Responding with love after an overeating episode.
How do we do that?
Last week I wrote a post on how the way that we respond to ourselves when old eating habits resurface can make a big difference in how often we overeat. I talked about how there are two ways you can respond – either with love or with shame, disgust and guilt and that responding the more familiar, negative way is the sure way to find yourself rooting around the pantry again. Responding with love can help these kind of overeating episodes become less frequent and less damaging over time.
So let’s talk about what responding with love actually looks like!
If you’re like me, you like lots of information when you are trying something new. Information, details and answers make you feel safe or like you’re on the right track. But I also have a tendency to overcomplicate things with my need for details (haha! If you’re like me you probably get that too!) so I’m not going to do that to you today! I’m going to give you the info you need but not so much that it makes you feel paralyzed or stuck in taking action.
Responding with love each time you overeat doesn’t have to be a huge, complicated process. It can just be something you do, naturally, simply and normally.
If we go into this by only focusing on giving ourselves love when we eat in a way we aren’t happy with, it’s going to feel like an uphill battle. So with that in mind, the way you respond with love in your overeating episodes is to respond with love every time you eat.
Each time you eat, whether it’s a normal meal, overeating, under eating, a binge, a diet, a snack say thank you. If you’re eating a salad, a steak, a cup cake, a whole sleeve of Ritz crackers, say thank you. Every day. Every meal. Every bite.
Thank your body for receiving the food.
Thank it for digesting it.
Thank your teeth, saliva, your tongue for chewing it so that you can digest it.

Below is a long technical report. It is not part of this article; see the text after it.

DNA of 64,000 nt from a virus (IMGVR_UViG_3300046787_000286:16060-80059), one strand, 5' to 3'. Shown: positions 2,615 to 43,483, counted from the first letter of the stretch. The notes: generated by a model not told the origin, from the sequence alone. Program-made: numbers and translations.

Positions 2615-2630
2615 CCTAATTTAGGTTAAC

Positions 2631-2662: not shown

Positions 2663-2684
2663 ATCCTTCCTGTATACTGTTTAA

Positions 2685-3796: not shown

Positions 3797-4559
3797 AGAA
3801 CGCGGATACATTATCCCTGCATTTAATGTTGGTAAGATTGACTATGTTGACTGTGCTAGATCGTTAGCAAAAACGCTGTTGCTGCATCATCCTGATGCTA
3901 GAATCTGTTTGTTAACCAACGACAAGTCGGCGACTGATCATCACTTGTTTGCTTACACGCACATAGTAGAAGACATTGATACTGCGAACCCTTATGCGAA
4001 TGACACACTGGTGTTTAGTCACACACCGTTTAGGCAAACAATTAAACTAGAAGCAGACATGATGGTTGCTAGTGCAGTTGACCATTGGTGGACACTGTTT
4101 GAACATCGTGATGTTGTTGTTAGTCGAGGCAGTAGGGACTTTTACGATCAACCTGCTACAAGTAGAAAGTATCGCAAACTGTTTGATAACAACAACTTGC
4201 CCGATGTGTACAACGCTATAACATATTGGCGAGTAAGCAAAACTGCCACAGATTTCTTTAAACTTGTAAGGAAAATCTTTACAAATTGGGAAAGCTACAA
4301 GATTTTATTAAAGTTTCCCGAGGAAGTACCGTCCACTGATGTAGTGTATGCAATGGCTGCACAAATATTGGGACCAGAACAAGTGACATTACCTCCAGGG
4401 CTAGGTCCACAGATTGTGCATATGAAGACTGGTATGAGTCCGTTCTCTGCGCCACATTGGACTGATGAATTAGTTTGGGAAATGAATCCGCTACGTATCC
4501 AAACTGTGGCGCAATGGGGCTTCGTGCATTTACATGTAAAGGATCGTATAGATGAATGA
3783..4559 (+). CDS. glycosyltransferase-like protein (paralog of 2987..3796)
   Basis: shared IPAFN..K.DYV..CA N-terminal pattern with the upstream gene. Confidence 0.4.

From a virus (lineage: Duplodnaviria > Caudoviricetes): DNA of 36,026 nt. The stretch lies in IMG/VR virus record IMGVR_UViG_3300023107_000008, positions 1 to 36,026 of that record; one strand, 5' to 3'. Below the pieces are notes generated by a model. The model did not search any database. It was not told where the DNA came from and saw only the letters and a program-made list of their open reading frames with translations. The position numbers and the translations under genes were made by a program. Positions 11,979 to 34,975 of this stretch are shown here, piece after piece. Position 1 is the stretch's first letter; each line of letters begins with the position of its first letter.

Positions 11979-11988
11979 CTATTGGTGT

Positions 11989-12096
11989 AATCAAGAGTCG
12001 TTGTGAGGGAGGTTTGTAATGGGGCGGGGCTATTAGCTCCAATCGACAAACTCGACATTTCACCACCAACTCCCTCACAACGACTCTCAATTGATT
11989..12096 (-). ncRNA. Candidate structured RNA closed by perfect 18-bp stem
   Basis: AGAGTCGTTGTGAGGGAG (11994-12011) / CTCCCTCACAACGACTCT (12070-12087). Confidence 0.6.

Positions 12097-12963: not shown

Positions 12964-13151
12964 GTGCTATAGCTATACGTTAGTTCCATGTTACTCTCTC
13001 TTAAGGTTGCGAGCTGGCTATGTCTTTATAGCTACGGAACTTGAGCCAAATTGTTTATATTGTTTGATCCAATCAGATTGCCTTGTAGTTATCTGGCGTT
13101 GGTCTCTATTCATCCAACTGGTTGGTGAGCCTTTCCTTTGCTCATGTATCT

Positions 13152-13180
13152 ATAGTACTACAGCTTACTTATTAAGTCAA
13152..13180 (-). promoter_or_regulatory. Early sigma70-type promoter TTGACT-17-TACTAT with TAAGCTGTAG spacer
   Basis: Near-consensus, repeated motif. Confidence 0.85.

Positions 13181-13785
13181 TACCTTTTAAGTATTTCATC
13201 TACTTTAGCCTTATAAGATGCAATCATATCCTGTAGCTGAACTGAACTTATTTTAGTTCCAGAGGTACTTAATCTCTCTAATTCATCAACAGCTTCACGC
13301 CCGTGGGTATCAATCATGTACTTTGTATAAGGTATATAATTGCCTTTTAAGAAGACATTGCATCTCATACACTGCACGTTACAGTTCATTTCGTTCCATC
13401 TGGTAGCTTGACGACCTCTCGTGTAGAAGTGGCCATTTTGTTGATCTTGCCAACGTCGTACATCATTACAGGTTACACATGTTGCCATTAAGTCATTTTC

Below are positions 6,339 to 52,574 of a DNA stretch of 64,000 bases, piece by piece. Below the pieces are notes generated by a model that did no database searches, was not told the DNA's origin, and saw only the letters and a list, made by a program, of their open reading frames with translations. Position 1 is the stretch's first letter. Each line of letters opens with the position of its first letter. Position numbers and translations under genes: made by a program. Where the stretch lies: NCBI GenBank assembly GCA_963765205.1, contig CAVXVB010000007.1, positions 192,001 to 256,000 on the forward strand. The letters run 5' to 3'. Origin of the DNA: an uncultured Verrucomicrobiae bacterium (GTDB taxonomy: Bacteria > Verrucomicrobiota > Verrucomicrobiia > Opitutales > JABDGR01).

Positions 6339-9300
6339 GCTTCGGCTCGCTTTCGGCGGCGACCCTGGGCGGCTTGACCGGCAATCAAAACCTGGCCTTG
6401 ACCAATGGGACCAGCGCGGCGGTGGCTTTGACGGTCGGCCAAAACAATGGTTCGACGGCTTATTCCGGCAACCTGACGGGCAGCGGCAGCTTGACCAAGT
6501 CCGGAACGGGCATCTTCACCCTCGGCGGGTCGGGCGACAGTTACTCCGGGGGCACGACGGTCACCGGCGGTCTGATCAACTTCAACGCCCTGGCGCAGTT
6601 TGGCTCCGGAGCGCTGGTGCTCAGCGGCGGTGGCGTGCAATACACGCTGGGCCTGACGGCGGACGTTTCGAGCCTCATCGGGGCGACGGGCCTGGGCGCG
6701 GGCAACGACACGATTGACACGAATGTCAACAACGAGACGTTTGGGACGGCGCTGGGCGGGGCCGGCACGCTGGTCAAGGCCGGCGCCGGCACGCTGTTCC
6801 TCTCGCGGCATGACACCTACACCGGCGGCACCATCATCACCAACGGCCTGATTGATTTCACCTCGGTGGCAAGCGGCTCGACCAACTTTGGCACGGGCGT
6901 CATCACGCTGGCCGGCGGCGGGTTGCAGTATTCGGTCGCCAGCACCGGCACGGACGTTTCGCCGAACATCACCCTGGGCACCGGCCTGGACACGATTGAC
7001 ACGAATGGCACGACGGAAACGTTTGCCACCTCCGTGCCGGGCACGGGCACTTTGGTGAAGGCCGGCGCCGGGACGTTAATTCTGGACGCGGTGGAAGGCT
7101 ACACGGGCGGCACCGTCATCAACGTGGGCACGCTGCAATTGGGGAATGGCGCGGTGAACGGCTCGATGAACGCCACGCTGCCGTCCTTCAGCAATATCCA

Thank your body for retrieving the energy and valuable nutrients from the food that it needs so that you can live your life.
Thank your body for giving you feelings of comfort and satisfaction and safety after a meal.
Tell your body your love her. For no reason other than you are present with her now. Thank you, I love you. Thank you, I love you. I love you. I love you. I love you.
Get in the habit of sending her adoration and gratitude at every opportunity.
It might feel silly at first.
You might feel conceited.
But it’s not conceit. It’s not pride. It’s one small, gentle, non-threatening way you can show yourself love.
We already are really good at saying thank you. From an early age we are taught and trained to say please and thank you. Saying thank you in response to certain situations becomes automatic. We want to show respect and be polite. We want to acknowledge the thoughtfulness and kindnesses others show to us. Why can’t we do the same for ourselves? Isn’t our body deserving of the same pleasantries? Literally everything we are able to do in life happens because we have a functioning, breathing, thinking body. And eating and processing food is a part of all that. Thank your body so often for it’s daily gifts that your positive response will become automatic (just like it is when someone holds the door open for you).
Your digestion will be better. Your body will absorb more nutrients from the food you eat. Your general outlook will be better. You may not even recognize why but it’s because you’re connecting with and acknowledging the role your body plays in your world.
If this feels crazy silly to you, you could also try saying a form of “grace” before you eat or after you eat. Instead of (or in addition to) a prayer to God or your higher power for providing the food you are eating, you could pause for a moment and to yourself (or out loud if you wish) say:
“Dear Body, I thank for all the work you will undergo so that I can eat this food and digest this meal. Thank you for making it so the nutrients in this food allow me to have a productive and satisfying day. Thank you for giving me energy today. I love you for all that you do, all that you are and exactly as you are right now.”
Alter that as you wish. What does your body want to hear? What does she do for you every day that you are grateful for? How is she worthy and deserving of your love? And will you try giving it to her so that it becomes easier to give it to yourself?
So now you know how to respond with love to your eating episodes. Will you try it?
Like this? For more, download your free copy of Healthy Eating Shouldn‘t Be a Workout: Real Life Strategies to Take the Confusion Out of Healthy Living (includes recipes, snack and meal ideas, ways to save money and more!).
Need help with your own eating struggles? Let’s talk.